No verdict yet in alleged local MS-13 leader's trial - NBC12 - WWBT - Richmond, VA News On Your Side

No verdict yet in alleged local MS-13 leader's trial

Jose Bran Jose Bran

After almost three hours of deliberations in the federal gang trial of alleged local MS-13 leader Jose Bran, jurors went home for the night. They told the judge they could not reach a ruling on the five felony charges relating to murder and gang participation.  

Prosecutors call the local group of MS-13, the "sailors set," "an illegal, amoral and satanic gang." They left jurors with those words just before deliberations began Friday afternoon. Assistant U.S. Attorney Roderick C. Young said a guilty verdict would hopefully put an end to the brutality.

For both sides, whether or not the jury believes the allegation Jose Bran is the leader or "first word" of the sailors is key. All five charges, including murder, maiming and conspiracy had to be done to further the gang, in order to find Bran guilty.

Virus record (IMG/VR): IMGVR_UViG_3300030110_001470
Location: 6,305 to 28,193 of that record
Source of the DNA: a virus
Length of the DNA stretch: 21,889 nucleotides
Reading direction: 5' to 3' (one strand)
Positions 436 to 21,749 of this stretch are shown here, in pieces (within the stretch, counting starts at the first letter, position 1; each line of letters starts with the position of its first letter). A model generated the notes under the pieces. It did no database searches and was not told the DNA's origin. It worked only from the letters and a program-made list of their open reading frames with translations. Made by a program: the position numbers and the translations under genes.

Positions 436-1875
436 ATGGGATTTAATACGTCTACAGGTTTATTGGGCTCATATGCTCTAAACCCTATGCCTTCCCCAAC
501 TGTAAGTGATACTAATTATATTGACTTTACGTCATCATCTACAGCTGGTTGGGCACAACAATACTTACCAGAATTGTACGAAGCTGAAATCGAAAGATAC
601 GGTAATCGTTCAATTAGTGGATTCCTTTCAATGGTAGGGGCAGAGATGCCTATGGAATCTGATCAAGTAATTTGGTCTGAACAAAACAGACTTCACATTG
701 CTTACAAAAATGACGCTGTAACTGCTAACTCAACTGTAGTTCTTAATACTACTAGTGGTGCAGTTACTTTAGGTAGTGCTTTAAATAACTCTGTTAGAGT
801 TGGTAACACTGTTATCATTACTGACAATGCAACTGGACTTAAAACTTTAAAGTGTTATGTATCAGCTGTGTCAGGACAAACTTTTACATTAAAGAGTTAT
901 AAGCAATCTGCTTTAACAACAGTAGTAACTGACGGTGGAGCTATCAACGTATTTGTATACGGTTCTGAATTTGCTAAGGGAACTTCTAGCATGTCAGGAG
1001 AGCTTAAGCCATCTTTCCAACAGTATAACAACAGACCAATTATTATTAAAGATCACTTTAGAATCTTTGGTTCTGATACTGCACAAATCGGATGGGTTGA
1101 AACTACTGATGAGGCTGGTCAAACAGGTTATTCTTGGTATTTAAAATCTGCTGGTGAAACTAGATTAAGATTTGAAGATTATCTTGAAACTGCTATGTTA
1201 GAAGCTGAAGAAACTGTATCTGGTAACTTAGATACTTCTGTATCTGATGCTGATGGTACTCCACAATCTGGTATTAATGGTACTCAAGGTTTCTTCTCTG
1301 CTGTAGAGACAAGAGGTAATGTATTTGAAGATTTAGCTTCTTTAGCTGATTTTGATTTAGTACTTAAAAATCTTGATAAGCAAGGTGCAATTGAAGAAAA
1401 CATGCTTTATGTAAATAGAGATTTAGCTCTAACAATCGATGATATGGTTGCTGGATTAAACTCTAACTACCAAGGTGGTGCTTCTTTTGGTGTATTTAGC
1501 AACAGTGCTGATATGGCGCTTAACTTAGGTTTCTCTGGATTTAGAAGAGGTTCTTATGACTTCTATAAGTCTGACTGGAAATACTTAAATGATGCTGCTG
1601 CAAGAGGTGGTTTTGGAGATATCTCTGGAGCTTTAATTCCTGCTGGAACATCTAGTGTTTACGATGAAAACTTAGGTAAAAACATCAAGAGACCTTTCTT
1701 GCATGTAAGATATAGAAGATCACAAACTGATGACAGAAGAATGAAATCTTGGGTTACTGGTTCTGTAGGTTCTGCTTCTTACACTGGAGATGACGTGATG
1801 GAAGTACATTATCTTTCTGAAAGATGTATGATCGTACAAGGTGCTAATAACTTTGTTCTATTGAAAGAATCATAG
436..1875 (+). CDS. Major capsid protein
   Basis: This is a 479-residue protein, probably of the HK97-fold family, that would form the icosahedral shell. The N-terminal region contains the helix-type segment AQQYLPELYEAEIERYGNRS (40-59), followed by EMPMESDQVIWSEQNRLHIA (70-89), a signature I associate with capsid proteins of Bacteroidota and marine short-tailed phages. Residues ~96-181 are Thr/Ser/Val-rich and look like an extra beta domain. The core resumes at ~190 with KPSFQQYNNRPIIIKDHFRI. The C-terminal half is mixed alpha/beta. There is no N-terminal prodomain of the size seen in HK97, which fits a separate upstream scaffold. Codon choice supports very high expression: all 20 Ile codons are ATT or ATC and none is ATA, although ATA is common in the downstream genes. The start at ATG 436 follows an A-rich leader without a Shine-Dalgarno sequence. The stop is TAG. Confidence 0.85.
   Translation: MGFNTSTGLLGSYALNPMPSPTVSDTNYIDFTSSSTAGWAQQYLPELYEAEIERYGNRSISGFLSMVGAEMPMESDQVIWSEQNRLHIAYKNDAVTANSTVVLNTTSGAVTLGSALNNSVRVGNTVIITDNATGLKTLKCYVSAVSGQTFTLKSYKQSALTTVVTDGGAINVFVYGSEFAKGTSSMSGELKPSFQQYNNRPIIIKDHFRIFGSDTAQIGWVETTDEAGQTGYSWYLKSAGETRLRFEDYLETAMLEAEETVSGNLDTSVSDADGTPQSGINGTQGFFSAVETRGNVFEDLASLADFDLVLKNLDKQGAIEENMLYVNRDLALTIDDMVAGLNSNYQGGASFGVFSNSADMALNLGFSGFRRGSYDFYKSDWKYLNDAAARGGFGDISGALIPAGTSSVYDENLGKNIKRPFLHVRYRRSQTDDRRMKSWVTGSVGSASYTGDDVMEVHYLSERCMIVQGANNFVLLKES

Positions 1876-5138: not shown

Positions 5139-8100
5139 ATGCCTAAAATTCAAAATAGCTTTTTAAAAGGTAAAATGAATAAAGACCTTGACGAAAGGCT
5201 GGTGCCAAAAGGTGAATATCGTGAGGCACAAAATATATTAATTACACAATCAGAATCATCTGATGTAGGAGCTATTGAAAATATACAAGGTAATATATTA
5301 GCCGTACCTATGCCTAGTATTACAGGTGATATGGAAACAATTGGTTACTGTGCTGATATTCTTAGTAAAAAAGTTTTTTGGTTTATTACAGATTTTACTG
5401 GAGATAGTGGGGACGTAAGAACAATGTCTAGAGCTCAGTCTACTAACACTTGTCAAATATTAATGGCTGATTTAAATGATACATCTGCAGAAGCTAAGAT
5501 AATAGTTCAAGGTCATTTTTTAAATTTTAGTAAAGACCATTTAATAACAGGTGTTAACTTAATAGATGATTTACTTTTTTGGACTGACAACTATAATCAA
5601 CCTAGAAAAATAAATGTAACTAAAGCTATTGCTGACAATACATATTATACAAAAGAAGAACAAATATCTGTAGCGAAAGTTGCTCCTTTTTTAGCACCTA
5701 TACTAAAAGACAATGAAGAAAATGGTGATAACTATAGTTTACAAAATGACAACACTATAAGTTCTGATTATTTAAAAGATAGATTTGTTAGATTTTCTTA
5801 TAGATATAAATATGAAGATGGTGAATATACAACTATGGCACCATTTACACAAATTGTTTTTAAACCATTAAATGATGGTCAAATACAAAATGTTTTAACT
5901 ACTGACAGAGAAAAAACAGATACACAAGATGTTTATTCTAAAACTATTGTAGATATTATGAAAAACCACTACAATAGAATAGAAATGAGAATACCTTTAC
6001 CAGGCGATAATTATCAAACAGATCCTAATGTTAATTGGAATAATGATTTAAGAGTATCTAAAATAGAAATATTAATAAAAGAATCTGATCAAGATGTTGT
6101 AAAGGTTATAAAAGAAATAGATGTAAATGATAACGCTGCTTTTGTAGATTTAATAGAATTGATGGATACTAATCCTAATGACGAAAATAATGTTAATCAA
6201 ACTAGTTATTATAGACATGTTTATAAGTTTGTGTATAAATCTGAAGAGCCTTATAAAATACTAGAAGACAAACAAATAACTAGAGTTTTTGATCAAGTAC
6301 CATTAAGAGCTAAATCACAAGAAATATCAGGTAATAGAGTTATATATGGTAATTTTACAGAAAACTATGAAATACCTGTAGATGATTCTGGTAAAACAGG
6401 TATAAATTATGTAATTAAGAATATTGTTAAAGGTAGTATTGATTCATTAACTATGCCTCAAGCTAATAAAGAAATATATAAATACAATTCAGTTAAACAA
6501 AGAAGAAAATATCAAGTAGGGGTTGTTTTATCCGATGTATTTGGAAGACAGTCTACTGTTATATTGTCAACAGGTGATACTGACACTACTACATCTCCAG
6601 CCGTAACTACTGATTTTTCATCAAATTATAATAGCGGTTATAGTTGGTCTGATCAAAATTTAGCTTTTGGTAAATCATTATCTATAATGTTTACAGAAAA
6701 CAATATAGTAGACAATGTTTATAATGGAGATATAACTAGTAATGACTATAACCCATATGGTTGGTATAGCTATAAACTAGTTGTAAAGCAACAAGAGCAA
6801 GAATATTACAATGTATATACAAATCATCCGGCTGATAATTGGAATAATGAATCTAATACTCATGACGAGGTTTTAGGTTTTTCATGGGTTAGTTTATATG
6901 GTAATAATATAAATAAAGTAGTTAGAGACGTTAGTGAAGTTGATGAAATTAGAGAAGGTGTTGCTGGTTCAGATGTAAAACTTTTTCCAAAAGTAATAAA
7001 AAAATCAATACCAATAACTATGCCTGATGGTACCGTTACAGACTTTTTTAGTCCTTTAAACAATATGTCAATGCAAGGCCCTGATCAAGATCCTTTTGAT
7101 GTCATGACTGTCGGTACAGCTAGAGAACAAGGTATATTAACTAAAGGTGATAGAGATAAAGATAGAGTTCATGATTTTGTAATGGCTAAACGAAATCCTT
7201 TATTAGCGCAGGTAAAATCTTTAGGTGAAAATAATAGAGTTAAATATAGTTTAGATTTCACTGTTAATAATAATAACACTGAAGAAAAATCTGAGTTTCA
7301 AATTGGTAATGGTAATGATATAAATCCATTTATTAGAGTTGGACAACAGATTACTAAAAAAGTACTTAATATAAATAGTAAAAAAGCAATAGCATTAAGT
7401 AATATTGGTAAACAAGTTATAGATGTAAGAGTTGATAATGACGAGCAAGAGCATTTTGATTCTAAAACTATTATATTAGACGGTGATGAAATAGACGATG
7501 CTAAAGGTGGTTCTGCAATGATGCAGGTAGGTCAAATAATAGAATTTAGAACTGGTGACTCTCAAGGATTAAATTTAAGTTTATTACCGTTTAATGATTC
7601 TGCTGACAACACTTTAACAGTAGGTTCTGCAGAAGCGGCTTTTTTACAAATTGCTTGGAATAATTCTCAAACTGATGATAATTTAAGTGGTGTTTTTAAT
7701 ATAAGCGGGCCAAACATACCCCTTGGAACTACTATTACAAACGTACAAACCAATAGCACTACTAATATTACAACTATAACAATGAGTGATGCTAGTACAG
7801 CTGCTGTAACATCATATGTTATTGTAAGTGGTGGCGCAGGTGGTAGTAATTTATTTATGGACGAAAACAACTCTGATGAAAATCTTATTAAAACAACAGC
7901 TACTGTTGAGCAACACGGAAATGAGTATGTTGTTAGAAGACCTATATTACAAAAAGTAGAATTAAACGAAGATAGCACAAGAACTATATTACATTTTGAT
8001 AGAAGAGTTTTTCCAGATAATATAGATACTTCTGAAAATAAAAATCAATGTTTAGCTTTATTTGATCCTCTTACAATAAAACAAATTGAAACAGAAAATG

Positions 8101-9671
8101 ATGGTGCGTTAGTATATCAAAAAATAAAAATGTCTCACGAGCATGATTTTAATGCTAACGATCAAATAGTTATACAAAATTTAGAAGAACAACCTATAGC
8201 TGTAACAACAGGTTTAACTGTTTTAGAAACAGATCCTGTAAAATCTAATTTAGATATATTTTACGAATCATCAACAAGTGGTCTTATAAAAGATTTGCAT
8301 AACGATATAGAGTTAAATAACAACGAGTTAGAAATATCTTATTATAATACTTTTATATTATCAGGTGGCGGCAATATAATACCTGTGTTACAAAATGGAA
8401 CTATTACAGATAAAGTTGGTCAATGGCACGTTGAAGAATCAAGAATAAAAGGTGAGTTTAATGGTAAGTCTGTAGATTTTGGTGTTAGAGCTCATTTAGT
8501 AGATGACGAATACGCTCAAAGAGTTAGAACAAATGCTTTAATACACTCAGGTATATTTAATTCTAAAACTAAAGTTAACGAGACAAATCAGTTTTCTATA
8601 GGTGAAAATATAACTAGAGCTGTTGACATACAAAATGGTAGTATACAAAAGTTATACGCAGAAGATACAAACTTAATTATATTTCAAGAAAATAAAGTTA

The counts stem from two crimes.

The government accuses Bran of ordering the 2011 shooting death of Osbin Hernandez-Gonzales at Pony Pasture as gang initiation for two juveniles. One witness testified Bran said: "If you want to get in the gang, do it."

The other incident occurred just a few months later. The government alleges Bran called for his fellow gang members or "soldiers" to attack a suspected rival gang member. The victim was stabbed 14 times, but lived to identify his attackers.

Bran did not testify in his own defense, but his lawyers say he did not order the killings or "green lights" and he is not the leader of the sailors. They maintain, in fact, there was a power struggle among other members for the head seat.

Defense attorneys believe those fellow MS-13 members only took the witness stand as part of plea deals to get shorter sentences in their cases. Mary Maguire, one of three public defenders for Bran, told the jury, "You need to think about whether you can swallow the lies of cold blooded killers." 

If convicted, Bran could spend the rest of his life behind bars. In the federal system, the jury does not make a sentencing recommendation, so it would not have to deliberate further after returning a verdict.  

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